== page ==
Loveable weirdos
May 13, 2020 2:58 PM   Subscribe

I want to read more books where the character is a fun person in their own right, someone I'd get along with (Like Tuesday Mooney in Tuesday Mooney Talks to Ghosts). I just re-read the Anastasia Krupnik books and it was fun to hang out with her, but I'm curious what is out there in adult fiction. I'm interested especially in general adult fiction, but any genre with a character who is a loveable weirdo sounds good to me. What are your favorites?
posted by azalea_chant to Media & Arts (16 answers total) 26 users marked this as a favorite
I am a fan of Ann Cleeves’s books for the lovable weirdos that are protagonists of her books. They are detective mysteries but the personalities of the various detectives she has created are what attracts me.
posted by Tandem Affinity at 3:02 PM on May 13, 2020 [3 favorites]

Have you tried Louise Penny's Three Pines series?
posted by BoscosMom at 3:51 PM on May 13, 2020 [1 favorite]

Lamb by Christopher Moore. You get to hang out with Bif, the best friend of Christ from childhood and through all those years before he got famous. It’s great.
posted by RolandOfEld at 5:17 PM on May 13, 2020 [7 favorites]

Another character named for a day of the week: Thursday Next of Jasper Fforde's alternate history series of literary adventures is someone you might really enjoy.
posted by kitten kaboodle at 5:28 PM on May 13, 2020 [3 favorites]

Lisa Lutz’s books fit, I think.
posted by Kriesa at 6:29 PM on May 13, 2020 [1 favorite]

I like the company of Dolores in She’s Come Undone by Wally Lamb.
posted by dianeF at 7:02 PM on May 13, 2020

This is the whole idea behind Pippi Longstocking.

Terry Pratchett does good character studies. I would love to have been on the road trip in Witches Abroad.
"Emberella," thought Magrat. "I'm fairy godmothering a girl who sounds like something you put up in the rain."
posted by TrishaU at 8:04 PM on May 13, 2020 [2 favorites]

I came in to say Terry Pratchett. Almost all of his characters are weirdos and many of them are quite lovable.
posted by bunderful at 8:49 PM on May 13, 2020 [6 favorites]

Seconding Louise Penny. Also I just finished The Little Friend by Donna Tarte, and the main character fits the bill.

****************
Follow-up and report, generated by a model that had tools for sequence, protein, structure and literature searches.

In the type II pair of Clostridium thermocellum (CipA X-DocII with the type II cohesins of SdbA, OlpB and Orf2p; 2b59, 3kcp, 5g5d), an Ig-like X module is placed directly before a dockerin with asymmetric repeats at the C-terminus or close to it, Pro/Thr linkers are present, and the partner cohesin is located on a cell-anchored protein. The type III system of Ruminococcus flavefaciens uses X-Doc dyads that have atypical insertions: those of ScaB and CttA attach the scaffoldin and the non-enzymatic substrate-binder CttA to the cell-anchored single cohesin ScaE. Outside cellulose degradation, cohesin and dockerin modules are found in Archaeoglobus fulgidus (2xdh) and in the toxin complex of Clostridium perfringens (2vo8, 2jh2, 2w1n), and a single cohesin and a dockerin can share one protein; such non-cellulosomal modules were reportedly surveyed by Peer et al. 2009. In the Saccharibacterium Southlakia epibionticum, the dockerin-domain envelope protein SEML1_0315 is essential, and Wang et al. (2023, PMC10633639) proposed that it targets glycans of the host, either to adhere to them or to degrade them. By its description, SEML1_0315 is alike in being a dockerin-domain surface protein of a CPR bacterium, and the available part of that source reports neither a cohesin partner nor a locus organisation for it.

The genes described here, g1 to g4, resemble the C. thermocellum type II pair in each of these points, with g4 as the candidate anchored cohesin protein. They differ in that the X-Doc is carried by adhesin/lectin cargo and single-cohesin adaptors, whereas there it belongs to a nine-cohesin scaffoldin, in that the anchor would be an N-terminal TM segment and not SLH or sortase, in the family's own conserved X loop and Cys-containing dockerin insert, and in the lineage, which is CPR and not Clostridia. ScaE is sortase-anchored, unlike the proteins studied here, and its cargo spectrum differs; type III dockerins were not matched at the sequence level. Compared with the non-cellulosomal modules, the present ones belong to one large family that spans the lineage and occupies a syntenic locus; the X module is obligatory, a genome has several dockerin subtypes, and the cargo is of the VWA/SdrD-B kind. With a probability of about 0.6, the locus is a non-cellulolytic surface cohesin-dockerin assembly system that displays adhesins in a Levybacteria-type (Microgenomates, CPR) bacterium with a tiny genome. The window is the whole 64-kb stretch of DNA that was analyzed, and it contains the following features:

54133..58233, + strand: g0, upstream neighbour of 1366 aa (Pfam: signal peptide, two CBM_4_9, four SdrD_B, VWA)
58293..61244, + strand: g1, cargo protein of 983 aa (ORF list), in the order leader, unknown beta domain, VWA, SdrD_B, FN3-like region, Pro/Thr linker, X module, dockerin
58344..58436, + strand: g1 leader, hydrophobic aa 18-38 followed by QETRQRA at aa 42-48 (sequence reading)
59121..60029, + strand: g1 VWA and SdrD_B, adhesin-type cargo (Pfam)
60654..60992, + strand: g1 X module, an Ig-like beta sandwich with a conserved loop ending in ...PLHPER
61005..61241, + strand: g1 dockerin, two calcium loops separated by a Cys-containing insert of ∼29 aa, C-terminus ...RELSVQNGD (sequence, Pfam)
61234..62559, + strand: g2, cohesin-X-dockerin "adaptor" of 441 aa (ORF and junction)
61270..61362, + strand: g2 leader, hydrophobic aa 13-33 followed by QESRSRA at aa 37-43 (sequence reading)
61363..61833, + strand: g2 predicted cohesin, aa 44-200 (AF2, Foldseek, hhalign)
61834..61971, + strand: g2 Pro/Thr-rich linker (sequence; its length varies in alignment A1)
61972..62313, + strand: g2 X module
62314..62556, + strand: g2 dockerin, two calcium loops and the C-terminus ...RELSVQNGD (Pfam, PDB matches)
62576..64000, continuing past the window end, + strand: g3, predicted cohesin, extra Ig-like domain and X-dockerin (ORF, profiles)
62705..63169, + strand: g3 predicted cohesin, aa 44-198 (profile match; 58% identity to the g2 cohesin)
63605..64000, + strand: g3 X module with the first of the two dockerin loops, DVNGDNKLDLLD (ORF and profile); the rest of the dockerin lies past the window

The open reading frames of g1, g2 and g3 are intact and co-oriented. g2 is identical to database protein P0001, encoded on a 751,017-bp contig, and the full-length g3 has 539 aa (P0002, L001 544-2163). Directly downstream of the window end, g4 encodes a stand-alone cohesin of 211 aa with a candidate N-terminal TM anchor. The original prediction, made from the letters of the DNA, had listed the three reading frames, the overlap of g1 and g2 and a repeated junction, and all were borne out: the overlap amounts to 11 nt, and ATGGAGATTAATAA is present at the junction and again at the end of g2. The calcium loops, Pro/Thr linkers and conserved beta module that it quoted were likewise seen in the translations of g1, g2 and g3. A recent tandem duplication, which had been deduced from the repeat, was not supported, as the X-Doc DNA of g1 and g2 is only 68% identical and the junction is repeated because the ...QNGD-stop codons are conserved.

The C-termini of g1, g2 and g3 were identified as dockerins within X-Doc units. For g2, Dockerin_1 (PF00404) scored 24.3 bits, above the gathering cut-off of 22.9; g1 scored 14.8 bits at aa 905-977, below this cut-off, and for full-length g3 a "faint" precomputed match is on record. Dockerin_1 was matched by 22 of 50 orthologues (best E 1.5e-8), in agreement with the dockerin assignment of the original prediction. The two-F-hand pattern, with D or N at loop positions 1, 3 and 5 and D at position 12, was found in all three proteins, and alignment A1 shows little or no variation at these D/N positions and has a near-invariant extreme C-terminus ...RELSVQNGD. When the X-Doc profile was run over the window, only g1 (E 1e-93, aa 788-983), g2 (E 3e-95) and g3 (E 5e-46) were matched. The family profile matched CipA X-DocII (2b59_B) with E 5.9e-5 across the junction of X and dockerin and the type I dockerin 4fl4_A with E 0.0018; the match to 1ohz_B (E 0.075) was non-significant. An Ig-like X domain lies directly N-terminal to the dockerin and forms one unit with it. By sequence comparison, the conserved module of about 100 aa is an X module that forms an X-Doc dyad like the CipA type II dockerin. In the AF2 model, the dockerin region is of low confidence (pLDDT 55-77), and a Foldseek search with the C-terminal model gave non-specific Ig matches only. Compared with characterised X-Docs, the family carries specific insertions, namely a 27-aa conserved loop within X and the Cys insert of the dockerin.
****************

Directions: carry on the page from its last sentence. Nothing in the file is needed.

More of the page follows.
posted by Red Desk at 8:51 PM on May 13, 2020 [1 favorite]

Shit Turd (S.T.) the crow in 'Hollow Kingdom' by Kira Jane Buxton.

Zombie apocalypse told from the perspective of a crow raised by a human, who feels tasked with rescuing the surviving domesticated animals and ensuring their continued survival.
posted by porpoise at 10:56 PM on May 13, 2020 [1 favorite]

Harriet the Spy.
posted by Melismata at 6:01 AM on May 14, 2020

I guess I just recommend this book on here every day now, but The Flatshare by Beth O'Leary fits this perfectly.
posted by catoclock at 6:59 AM on May 14, 2020

The Dud Avocado by Elaine Dundy

Here's the fan letter Groucho Marx wrote her:

"Dear Mrs Tynan, I don't make the habit of writing to married women, especially if the husband is a dramatic critic, but I had to tell someone (and it might as well be you since you're the author) how much I enjoyed The Dud Avocado. It made me laugh, scream and guffaw (which incidentally is a great name for a law firm). If this was actually your life, I don't know how on earth you got through it."
posted by veery at 7:18 AM on May 14, 2020

Hazel in Josh and Hazel's Guide to Not Dating by Christina Lauren is one of my favorite weirdos. I like that she knows she's a bit much and won't hang around people who don't like that about her.
posted by Margalo Epps at 10:22 AM on May 14, 2020 [1 favorite]

Loveable being in the eye of the beholder, but my main loveable weirdo is Ignatius J. Reilly in John Kennedy Toole's "A Confederacy of Dunces".
posted by Bill Watches Movies Podcast at 1:28 PM on May 14, 2020

I'm currently reading The Miseducation of Cameron Post and while the plot is very sad and some shitty things happen to Cameron, she herself is a complete delight and I wish I could hang out with her in real life.

Paul Takes the Form of a Mortal Girl is another coming of age tale with a really fun protagonist, and less sadness. (Both of these two have young protagonists, though are not strictly YA)

A lot of the classic "chick lit" novels have GREAT heroines who are fun company: Bridget Jones, The Girls Guide to Hunting and Fishing, Jennifer Weiner's earlier stuff, Tama Janowitz.

What about comedic memoirs/essay collections? Off the top of my head, the memoirs by Amy Poehler, Tina Fey, and Mindy Kaling were all really fun. Would You Rather is a sweet/fun memoir that reads like queer chick lit. For personal essays: David Sedaris and Sloane Crosley.
posted by lunasol at 1:37 PM on May 14, 2020 [1 favorite]

« Older Is brand-name Tupperware worth it?   |   MusicFilter: What is this called? Newer »
This thread is closed to new comments.